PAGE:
HELENA MORRISSEY: It actually isn't easy for women to have it all

I wish I hadn’t helped create the myth that it’s easy for women to have it all: City boss and mum of nine HELENA MORRISSEY gives a testimony that will resonate with so many mothers

She’s back!’, exclaimed my husband Richard encouragingly, as I stood before him, hair coiffed, carefully made-up, wearing a dress that at least gave the impression I’d snapped back to my pre-pregnancy shape, with high heels for an extra boost.

This was the drill for my first day back to work after having each of my nine children. 

Once ready, I’d leave the house quickly (before any little fingers could leave sticky prints on my work gear), get on the Tube and stride into the office, smiling, greeting everyone before getting stuck in. It was as if I’d never been away.

But the reality was rather different from my glossy exterior. Each carefully considered outfit and focused expression concealed angst.

My maternity leaves had ranged from six months (my first child, now 30) to 11 weeks (my last, now 13). I was lucky in knowing the children were in good hands; Richard, a journalist, had gone freelance after our fourth so he could be involved in the childcare and we also had the same live-out nanny, Paula, for 20 years, who really became part of the family.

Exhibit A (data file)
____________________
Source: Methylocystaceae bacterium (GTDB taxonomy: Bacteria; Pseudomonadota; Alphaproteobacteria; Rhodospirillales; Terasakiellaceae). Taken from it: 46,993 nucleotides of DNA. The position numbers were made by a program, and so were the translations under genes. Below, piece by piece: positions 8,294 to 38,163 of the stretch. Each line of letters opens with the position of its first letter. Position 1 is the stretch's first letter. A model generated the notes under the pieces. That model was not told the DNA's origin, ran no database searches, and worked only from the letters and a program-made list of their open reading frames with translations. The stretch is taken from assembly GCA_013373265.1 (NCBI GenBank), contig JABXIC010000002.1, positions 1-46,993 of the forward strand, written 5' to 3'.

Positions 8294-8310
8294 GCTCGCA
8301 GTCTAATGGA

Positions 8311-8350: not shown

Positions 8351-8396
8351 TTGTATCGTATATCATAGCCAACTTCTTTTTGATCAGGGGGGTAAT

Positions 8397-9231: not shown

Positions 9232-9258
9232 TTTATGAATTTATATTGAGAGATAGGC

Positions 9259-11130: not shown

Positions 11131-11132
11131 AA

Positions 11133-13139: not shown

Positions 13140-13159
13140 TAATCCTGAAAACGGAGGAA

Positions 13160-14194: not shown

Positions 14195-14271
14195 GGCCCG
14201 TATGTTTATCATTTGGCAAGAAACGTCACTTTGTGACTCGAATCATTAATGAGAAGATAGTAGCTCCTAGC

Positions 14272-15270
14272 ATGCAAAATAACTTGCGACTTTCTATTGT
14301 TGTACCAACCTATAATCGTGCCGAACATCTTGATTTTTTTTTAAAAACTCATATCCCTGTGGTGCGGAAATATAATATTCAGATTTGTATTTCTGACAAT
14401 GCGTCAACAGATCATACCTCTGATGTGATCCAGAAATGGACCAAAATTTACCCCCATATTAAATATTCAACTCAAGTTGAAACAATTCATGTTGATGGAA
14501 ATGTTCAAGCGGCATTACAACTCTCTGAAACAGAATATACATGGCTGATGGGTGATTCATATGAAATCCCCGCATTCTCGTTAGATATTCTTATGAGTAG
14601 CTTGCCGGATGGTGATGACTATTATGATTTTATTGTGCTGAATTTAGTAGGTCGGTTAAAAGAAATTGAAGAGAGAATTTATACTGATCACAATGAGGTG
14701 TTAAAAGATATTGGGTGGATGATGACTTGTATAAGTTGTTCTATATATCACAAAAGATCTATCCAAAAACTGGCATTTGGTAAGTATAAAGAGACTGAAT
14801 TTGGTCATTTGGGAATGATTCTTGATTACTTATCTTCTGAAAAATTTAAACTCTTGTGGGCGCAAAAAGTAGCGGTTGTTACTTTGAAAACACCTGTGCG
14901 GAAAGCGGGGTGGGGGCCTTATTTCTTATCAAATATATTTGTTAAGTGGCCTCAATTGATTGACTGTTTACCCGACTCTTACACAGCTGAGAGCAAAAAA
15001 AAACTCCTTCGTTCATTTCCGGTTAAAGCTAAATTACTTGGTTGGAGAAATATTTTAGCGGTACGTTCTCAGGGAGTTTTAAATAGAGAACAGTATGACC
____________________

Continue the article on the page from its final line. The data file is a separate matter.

Yet even with that support, I found it draining to throw myself back into my City job and then over-compensate for my absence when I got home, anxious to prove myself as a mother. 

Helena Morrissey (above): ‘My maternity leaves had ranged from six months (my first child, now 30) to 11 weeks (my last, now 13). I was lucky in knowing the children were in good hands; Richard, a journalist, had gone freelance after our fourth so he could be involved in the childcare and we also had the same live-out nanny, Paula, for 20 years, who really became part of the family’

It was partly the scale of the operation, as our family eventually numbered six girls and three boys. I’d rush around every evening until I dropped, putting out school uniforms, sorting out family admin and the washing, while planning the next day’s smart outfit.